Assam Tense As Tribals Retaliate Militant Attacks That Killed 62

24/12/2014 1:15 PM IST | Updated 15/07/2016 8:24 AM IST
STRDEL via Getty Images
Activists of the Assam Tea Tribes Student Association (ATTSA) block the NH-52 road with burning tyres during a protest against the attacks on villagers by militants from the outlawed National Democratic Front of Bodoland (NDFB) in four locations, at Baghmari in the Sonitpur district of northeastern Assam state on December 24, 2014. At least 56 people including children died in a series of militant attacks in Assam, Indian police said December 24, as the rebels dramatically intensified a long-running separatist campaign in the tea-growing state. AFP PHOTO (Photo credit should read STRDEL/AFP/Getty Images)

As the death toll mounted to 62 in the four attacks by Bodo militants in Assam's Sonitpur and Kokrajhar districts, angry Adivasi villagers today retaliated by setting ablaze houses of Bodos and took out protest marches.

Chief Minister Tarun Gogoi said the majority of victims in the "barbaric" attacks that took place last evening were women and children and steps were being taken to ensure that the situation does not escalate. The Centre said it was rushing in 5000 paramilitary personnel at the request of Assam government.

IGP (Law and Order) S N Singh told PTI that the death toll had risen to 62 with 37 deaths in Sonitpur and 25 in Kokrajhar after heavily armed militants belonging to the Songbijit faction of National Democratic Front of Bodoland (NDFB) swooped down on the four remote Adivasi villages of the two districts and killed the inhabitants last evening.

In Sonitpur district, 31 people were killed in Maitalu Basti under Zinzia police station and six in Jungle basti under Dhekiajuli police station while 20 people were killed in Shantipur Ultapani under Kokrajhar police station and five in Pakhriguri under Serfanguri police station of Kokrajhar district, he said.

Search operations were continuing in these interior villages which lack proper road communication.

Meanwhile, angry protestors, belonging to the Adivasi community set ablaze five houses allegedly belonging to the people of the Bodo community in Phuloguri area under Bishwanath Chariali police station in Sonitpur district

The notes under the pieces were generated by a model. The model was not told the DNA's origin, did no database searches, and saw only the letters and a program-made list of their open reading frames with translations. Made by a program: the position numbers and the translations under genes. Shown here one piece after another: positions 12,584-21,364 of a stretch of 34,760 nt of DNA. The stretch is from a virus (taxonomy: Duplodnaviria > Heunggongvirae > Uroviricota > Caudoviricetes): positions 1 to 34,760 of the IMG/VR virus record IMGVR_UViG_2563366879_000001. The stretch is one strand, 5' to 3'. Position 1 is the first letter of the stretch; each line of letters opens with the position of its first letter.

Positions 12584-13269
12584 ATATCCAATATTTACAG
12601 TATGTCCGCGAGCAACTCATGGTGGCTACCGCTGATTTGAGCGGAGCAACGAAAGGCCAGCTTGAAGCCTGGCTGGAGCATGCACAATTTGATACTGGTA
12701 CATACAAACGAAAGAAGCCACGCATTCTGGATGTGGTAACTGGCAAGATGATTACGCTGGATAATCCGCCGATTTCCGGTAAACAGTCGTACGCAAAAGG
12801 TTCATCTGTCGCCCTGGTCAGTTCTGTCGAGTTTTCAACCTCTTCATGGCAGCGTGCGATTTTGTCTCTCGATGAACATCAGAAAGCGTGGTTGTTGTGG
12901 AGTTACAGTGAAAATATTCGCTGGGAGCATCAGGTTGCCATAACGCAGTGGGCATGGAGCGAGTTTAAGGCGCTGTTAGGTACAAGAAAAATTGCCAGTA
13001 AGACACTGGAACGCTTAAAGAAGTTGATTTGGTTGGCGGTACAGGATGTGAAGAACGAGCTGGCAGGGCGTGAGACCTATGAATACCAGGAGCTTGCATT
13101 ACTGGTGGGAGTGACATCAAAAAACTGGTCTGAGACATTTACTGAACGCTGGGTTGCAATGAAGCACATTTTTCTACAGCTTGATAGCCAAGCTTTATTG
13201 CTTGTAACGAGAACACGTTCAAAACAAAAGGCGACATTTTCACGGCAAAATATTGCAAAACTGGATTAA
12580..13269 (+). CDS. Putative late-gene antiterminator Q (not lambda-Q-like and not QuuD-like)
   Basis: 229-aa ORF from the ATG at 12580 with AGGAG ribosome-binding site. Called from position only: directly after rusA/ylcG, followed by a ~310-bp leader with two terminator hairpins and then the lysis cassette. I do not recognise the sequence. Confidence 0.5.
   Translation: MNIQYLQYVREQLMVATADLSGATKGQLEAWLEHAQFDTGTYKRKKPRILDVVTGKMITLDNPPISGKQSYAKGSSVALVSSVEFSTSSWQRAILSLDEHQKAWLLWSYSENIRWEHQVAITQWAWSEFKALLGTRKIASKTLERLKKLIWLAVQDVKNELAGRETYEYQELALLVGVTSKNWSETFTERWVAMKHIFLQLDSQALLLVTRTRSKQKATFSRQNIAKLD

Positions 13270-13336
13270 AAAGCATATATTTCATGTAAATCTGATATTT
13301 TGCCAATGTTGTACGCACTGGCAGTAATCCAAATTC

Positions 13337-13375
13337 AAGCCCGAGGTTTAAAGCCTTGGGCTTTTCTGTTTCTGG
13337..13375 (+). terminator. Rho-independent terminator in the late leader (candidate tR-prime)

Protest rallies were also taken out by thousands of tea garden workers, armed with bow and arrows, and a seven-km stretch of National Highway 15 was blocked by the protestors near Dhekiajuli in Sonitpur.

Union Minister for Home Rajnath Singh and his deputy Kiren Rijiju were scheduled to arrive here this evening to take stock of the prevailing situation.

The Cabinet today paid homage to victims of the "cowardly" attacks on 'adivasis' in Assam.

Singh said in Delhi that he has been briefed on the situation by Chief Minister Tarun Gogoi and the Centre would take whatever action is necessary.

Assam Chief Minister Tarun Gogoi has directed state ministers Neelamani Sen Deka and Basanta Das to visit Kokrajhar and ministers Rockybul Hussain, Tanka Bahadur Rai and Prithbi Majhi to Sonitpur district.

"Most barbaric and most henious crime these NDFB(S) group has committed. We have to deal with it firmly.

"We have to go in a big way so that the culprits are booked," the Chief Minister said, adding that the security agencies have been directed to provide protection to the people in "sensitive" areas, including those inhabited by Bodos.

He said the militants will no longer be allowed to "hit and run" and the Prime Minister and the Home Minister have assured him all help.

"Neither the Government of Assam nor the Government of India will surrender to these militant groups. That's why we are asking for more paramilitary forces from the government of India," Gogoi said.

"Yesterday, the Prime Minister and the Home Minister assured me of all help," he said.

Condemning the attacks, Rijiju said, "This is a blatant attack in a situation where it is not expected. The attack is on innocent people and the location of the attack in very remote and rural area."

"I would like to say that this is very unfortunate that this kind of violence has taken place. We have already sent a message that violence and development cannot go together.

"If we want to develop North-East, peace must prevail. Peace and development are inseparable elements," he said.

Curfew has been clamped since last night in areas under four police stations in Sonitpur district. The army was called in last night to help maintain order. The killings are seen as retribution by militants who suspected that tribals were informing security forces about their movements. Over the weekend, the police killed two Bodo militants and recovered a cache of arms during a counterterrorism raid. The armed forces have stepped up their focus on Bodos in the last few months.

This is not the first such act by Bodo militants, although the victims are from a different community. Earlier attacks by Bodos tended to target Muslims, including those who speak Bengali and are seen by Bodo tribes as illegal migrants. Tensions between the two communities have been simmering for years. In May, Bodo militants killed 32 Muslims in a brutal attack.

That came after the worst phase of violence in 2012, when clashes between Bodos and Muslims led to 78 deaths. Over 300,000 were displaced and became refugees in their own country. Ever since that time, various ethnic groups in the Bodoland area, formed after a peace deal between militants and the government, have been polarized.

Prime Minister Narendra Modi had condemned the killing of innocent people as an act of cowardice.

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